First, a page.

Oxy Morons writer-director returns with a drug-addled North Shore gore fest
It’s New Year’s Day, and I am spiraling up North Shore roads that hug a coastline guarded by satanic trees that seem like they may animate and crush me as I round the twists. Through creepy and historic Salem then due north toward Gloucester, I gas into oblivion, the Atlantic sky a bile grey giving the bleak aura of dusk in the mid afternoon. I don’t see many people on the road, and even fewer appear to be working; most storefronts are closed, either shuttered for the holiday or due to the economy. As I pull into my destination, a condo several hundred feet up in the haze above the spookiest waterfront cemetery imaginable, I think to myself, Did I screw up? Or are they really shooting a movie right now?
On a holiday?
I step in from the chilly graveside desolation to discover that the tape is indeed rolling. There’s a crew testing a rack of lights, as well as another couple of guys messing with cameras. Aside from the equipment, the place feels like a ski lodge. A few producers and friends of the cast members play leather couches watching the Pats game; at the kitchen counter, one of the actresses chugs water in hopes of recovering from New Year’s Eve.
It’s less than halfway through a long day on the set of Habit, a new psychological thriller from Charlestown native and Oxy Morons director Johnny Hickey. Immediately after this, the crew will proceed to a rave scene in the basement of a nearby nightclub—and stamina has been the name of the game since they began shooting three weeks ago.
“We’ve shot five kill scenes so far,” says the relentless Hickey. “We have two more to go. We didn’t cheat anything. This is brutal, over-the-top gore.” The independent writer and director spills about the pangs of underground movie-making, retracing how his team was holed up in a pair of old insane asylums for the coldest week of the season to date. “With the energy in some of those places, we lost our minds at times. No running water, no electricity. But all of my actors and crew were willing to stick it out.”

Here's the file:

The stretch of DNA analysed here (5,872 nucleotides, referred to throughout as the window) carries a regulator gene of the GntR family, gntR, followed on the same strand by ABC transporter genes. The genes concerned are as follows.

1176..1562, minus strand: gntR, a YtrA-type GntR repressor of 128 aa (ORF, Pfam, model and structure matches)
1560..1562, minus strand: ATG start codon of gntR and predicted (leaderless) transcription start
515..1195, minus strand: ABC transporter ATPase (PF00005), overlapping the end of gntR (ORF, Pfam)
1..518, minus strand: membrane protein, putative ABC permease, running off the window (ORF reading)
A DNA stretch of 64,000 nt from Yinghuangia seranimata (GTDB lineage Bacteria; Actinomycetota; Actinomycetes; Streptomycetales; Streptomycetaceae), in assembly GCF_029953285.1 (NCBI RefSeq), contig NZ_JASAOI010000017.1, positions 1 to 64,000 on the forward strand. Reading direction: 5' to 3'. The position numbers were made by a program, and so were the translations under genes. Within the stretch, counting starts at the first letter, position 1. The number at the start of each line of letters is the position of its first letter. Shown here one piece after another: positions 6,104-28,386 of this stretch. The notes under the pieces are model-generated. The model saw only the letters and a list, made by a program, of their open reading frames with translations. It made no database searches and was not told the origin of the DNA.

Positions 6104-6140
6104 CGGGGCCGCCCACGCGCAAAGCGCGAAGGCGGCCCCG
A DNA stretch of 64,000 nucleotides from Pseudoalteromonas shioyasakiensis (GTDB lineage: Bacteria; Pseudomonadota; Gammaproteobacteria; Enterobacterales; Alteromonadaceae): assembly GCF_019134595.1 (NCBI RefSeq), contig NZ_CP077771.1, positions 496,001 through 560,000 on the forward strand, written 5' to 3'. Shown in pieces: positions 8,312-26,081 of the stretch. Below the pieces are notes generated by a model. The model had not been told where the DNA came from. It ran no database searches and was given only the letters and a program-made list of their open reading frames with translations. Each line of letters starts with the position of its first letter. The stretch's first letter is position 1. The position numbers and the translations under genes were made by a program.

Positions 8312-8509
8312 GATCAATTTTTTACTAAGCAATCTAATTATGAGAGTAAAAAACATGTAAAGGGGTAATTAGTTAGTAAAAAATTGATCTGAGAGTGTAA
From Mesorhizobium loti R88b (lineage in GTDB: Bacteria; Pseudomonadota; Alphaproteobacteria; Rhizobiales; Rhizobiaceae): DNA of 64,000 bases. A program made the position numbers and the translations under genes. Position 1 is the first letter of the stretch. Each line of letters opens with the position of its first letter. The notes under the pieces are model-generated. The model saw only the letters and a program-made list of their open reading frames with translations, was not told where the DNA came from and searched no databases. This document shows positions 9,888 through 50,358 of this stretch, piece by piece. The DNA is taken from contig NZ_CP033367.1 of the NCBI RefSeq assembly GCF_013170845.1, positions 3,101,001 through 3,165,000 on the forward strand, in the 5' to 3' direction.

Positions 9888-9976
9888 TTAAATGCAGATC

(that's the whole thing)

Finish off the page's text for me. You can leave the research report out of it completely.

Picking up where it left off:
Hickey frames a shot by the back door.
“Nah nah nah nah—move that over here, put this over there. Say this instead…”
A maestro waving on a minor symphony, Hickey communicates with all his actors, sound, and camera people smoothly and is ready to start rolling after just a few minutes of setup. Perfection on a shoestring.
OLD HABITS DIE HARD
I first met Johnny Hickey a little more than a decade ago. I had just begun writing for DigBoston, and my editor told me that someone from the projects in Charlestown called about a movie he was making. Apparently the guy was some kind of reformed drug dealer and pharmacy burglar who faced a near-death experience and was repenting through a screenplay he had written as a student at Bunker Hill Community College.
I went to check things out, and the events that ensued stuck forever. After that initial meeting and some follow-up interviews, I wrote the first of several articles about the movie that eventually morphed into Oxy Morons and about the opiate-strewn minefield that Hickey traversed to get his autobiographical film made. In the time since, Hickey has become a friend and even colleague, as we are now working together on a project to help people in recovery find hope in the media and filmmaking. Eight years after dropping Oxy Morons against major odds—for one, unlike most of his director peers, Hickey grew up less than privileged—Habit is the second film he’s tackled from the writing to direction.
“[A viewer-turned-investor who saw Oxy Morons] asked why I hadn’t made another film,” Hickey says. “I was like, ‘It all comes down to money.’ I told him I could do a one-month horror movie and get it out on the market.”
If there’s one thing that I’ve learned covering Hickey all these years, it’s that he’s capable of finding niche and arcane entry points into the movie biz. Hence this thriller about “a drug deal gone bad that leads a group of young adults to their ultimate demise.” Hickey continues, “[Horror] is a movie genre you don’t need celebrities in to sell. Johnny Depp was in Nightmare on Elm Street before he did anything else; Jennifer Aniston was in Leprechaun before she was in anything else. If anything, horror films launch careers. And I love horrors. It was my favorite since I was a kid.”
Though not out-and-out crusading against drugs this time, Habit is intended to deliver on the same prevention front that Oxy Morons is now famous for. “This is a horror movie, but it stems from drugs,” Hickey says. “It’s not a heroin movie—it’s a club drug movie, it’s an MDMA movie, it’s about other drugs that affect lives. People know about how OxyContin affected me, but before that I was a hardcore raver. This movie ties into the drug culture and the rave scene and the EDM world … My strongest opinion is that all drugs are bad except for weed, because I don’t even consider weed a drug. Any substance abuse, from coke to speed to MDMA to cat tranquilizer to acid, you shouldn’t be doing it, and to put a dark message behind that is great.”
As for the medium this time around: “With Oxy Morons, I had a lot of horror with the dream sequences,” Hickey says. “But to tell a story tied to true events, I had to cut a lot of that. On this project it’s the opposite. It’s 10 percent reality.”
WHEN PEOPLE START REAL ACTING